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Discussion Starter · #1 ·
I saw a thread about this awhile ago, but failed to find it. I've been
curious about this myself, and because I'm an engineering student
I'd like to offer my analysis to the community.

We start with Hayes operating specifications (the only ones
I could find), which should be similar for all hydraulic brakes.
_____________________________________________________
Hayes Mountain Bike Disc Brake Operating Specs.
I. Torque Range: 0-230 ft-lbs
II. Clamping Force: 0-1200 lbs
III. Operating Temperatures:

El Camino, Mag, MX: -20ºF - 120ºF

HFX Nine & Sole: 0ºF - 120ºF
IV. Hydraulic Pressures

Mag, Nine, Sole: 0-1700 psi
_____________________________________________________

First, we must find the force on one bolt. Because
all bolts are at the same distance from the center
we can simplify things.

From figure, F=7060N

We use this load value to find the average shear stress
on one bolt with full braking torque applied.

Tau(1-bolt) = 411MPa

Of course we have six bolts normally, and the stress
is divided evenly between them all.

Tau(6-bolt) = 68.5MPa
Tau(3-bolt) = 137MPa

Next we will find the static safety factor. This
will represent the likelihood of failure under constant
deceleration with maximum braking torque applied.
We are using the maximum tensile load for a low carbon
steel bolt (Sy=400MPa), which is not very high strength.
See Figure.

FoS(1-bolt) = 0.973
Fos(3-bolt) = 2.92
Fos(6-bolt) = 5.84

So, most engineers design for a safety factor greater
than 2, so with low carbon steel bolts when we are running
3 of them we are nearing our ideal safety margin,
although this is still pretty safe for a weight weeny.

Now, we will compare with some lighter bolts. Obviously,
I am assuming that you are going to shell out for some
nice bolts. Data from Racebolts, and Matweb, although
I had to guess what Titanium they are using as they
do not specify on Racebolts.com.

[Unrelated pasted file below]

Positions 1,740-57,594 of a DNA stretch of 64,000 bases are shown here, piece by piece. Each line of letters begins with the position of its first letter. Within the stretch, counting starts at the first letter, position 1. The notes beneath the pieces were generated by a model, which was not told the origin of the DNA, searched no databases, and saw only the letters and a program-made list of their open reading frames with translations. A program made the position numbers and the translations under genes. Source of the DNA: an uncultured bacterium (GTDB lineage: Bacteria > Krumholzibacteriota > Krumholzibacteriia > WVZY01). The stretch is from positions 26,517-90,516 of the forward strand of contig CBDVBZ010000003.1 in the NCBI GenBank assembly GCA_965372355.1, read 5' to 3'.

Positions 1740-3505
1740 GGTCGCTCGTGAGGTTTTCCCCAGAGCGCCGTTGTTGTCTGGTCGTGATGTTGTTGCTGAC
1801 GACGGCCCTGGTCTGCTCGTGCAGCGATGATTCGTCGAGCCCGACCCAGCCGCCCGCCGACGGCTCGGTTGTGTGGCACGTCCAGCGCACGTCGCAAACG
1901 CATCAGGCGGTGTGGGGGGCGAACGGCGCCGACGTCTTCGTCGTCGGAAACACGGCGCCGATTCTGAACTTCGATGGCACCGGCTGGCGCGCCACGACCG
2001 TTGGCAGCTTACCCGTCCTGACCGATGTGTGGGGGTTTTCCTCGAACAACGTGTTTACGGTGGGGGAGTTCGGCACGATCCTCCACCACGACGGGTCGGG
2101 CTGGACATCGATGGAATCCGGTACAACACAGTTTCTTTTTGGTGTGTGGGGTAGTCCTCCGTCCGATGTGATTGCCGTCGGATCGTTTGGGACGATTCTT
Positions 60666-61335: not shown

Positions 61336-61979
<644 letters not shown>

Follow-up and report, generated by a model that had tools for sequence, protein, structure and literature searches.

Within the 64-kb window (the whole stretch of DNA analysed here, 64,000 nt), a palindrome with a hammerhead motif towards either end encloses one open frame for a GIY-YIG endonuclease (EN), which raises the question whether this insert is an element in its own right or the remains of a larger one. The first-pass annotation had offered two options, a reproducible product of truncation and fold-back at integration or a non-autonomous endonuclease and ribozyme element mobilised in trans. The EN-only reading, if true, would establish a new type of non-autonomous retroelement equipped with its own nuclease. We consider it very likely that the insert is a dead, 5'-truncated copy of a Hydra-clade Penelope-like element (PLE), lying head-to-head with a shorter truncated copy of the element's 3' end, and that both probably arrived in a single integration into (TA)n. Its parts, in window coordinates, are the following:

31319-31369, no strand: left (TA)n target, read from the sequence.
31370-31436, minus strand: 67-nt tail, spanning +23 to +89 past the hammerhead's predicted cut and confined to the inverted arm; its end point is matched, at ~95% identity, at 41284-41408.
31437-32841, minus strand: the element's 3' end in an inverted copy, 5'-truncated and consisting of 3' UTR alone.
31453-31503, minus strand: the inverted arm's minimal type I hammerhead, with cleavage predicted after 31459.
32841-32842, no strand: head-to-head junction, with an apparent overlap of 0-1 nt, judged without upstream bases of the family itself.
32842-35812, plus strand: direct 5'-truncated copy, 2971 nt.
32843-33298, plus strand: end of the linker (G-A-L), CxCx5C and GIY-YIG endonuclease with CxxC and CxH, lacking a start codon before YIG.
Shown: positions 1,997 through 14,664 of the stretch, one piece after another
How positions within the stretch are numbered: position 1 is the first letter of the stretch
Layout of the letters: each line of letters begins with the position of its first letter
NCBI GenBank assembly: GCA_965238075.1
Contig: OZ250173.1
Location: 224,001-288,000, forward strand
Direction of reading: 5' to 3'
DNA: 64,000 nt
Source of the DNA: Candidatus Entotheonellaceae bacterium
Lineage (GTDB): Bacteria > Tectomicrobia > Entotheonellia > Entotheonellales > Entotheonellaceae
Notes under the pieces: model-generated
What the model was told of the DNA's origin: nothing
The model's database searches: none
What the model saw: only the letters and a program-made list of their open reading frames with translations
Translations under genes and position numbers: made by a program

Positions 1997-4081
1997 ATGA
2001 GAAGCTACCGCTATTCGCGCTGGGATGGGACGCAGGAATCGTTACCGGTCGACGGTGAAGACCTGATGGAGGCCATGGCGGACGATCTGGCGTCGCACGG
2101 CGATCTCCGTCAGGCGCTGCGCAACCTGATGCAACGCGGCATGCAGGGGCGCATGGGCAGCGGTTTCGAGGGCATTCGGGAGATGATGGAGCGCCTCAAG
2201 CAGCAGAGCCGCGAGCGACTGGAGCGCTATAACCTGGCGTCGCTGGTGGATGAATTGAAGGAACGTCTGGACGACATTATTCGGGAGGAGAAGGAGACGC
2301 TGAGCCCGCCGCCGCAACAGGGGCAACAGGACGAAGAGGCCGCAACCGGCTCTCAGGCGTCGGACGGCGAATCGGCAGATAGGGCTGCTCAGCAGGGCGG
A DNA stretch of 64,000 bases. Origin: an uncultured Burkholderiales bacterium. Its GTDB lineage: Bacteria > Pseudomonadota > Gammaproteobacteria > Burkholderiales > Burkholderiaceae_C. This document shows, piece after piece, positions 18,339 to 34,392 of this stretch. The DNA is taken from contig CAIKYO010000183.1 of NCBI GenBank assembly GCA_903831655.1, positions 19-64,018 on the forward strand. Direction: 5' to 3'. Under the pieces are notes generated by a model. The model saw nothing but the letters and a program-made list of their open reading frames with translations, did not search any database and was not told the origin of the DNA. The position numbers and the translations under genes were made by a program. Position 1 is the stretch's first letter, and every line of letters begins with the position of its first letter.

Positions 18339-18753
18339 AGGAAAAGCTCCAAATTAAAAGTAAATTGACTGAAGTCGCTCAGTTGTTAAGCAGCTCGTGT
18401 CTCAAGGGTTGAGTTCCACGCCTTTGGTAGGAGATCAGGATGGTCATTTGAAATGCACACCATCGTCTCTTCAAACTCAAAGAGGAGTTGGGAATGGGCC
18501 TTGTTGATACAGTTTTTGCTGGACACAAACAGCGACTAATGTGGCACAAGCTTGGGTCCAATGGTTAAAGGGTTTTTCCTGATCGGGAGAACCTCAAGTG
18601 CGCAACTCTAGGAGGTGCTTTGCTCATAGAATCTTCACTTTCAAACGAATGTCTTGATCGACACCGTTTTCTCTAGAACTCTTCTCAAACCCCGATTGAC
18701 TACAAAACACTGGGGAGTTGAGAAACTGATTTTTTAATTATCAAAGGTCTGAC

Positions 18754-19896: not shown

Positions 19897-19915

__________________________________
7075-T6 (Sy=462MPa)

FoS(1-bolt) = 1.12
Fos(3-bolt) = 3.37
Fos(6-bolt) = 6.74

__________________________________
Titanium 3al-2.5v (Sy=496MPa)

FoS(1-bolt) = 1.21
Fos(3-bolt) = 3.62
Fos(6-bolt) = 7.24


Conclusions

It looks to be perfectly safe to run 3-bolts on a disc brake
rotor with all common material types. Personally, I would
recommend the titanium bolts instead of aluminum, mainly because
aluminum has no endurance limit and will not be as safe
under fatigue loading. Also, it is very easy to strip the
aluminum bolts.

Cheers!
 

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Single Speed Junkie
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3,116 Posts
Sure I am sure that 3 bolts would work fine. However if one is going to snap would you still maintain any structural integrity that the 3 bolts gave you?

With 6 if you loose one or two not a big issue, loosing 1 out of three I'm uncertain if it would work as well.
 

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Doesntplaywellwithmorons!
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Yes three works fine.... Amp discs were ALWAYS 3-bolt rotors, and Rockshox having bought the design continued that, even for DH riding (the DH size front disc rotor was about 188mm and supported by just three bolts). Historically if you look at the most successful disc brake models prior to the 6-bolt ISO mount pattern being adopted, the only choices were 3-bolts like Amp used, four or five bolts (Coda and Hope), thread-on (1970s vintage Shimano Oil-Lite hydraulic discs, and early Pro-Stop discs), or splined with a lockring (later Pro-Stops).
 

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ballbuster
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12,718 Posts
I would say...

... if they were designed to be 3 bolt, then yes, they are safe.

Other than that, I say why bother shorting 3 bolts on a six bolt ISO design? You're saving... what... 6 grams? And... you could argue that it is rotating weight, but rotating very close to the axle, so it barely qualifies as rotating weight.

I don't think the bolts are in danger of shearing off, but I think it will be harder to keep the rotor straight, and there is less safety margain if a bolt decides to back out. Also, the stress is more concentrated on the hub bolt holes.

I dunno, I wouldn't do it. The upsides aren't really significant, and the downsides can be catastrophic.
 

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FIRENZE rulez !!
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3,875 Posts
i currently use 3 bolts

i changed in february my set up from 6 to 3 for a wheel

i used and using :
SLR Mavic and now ZTR7000 wheelset ( all for Lefty fork)

Notube's 160 mm coated and now Scrub 160 mm rotors

Magura SL Red brakes

no issues , same bolts mounted 4 months ago , cheked every 20 days or more

bolts are NO Brand in gold Titanium ( grade 5 , not sure )

i had some issues on my bike , but until now no depending from bolts
 

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The calculation is kind of oversimplified. You totally disregarded the friction between the disc and the hub. There is no actual shear stress on the bolts.
How do you know the torque? Dynamic considerations (like vibrations) and thermal stresses are a very important factor.
Just my 2cents.
 

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1,135 Posts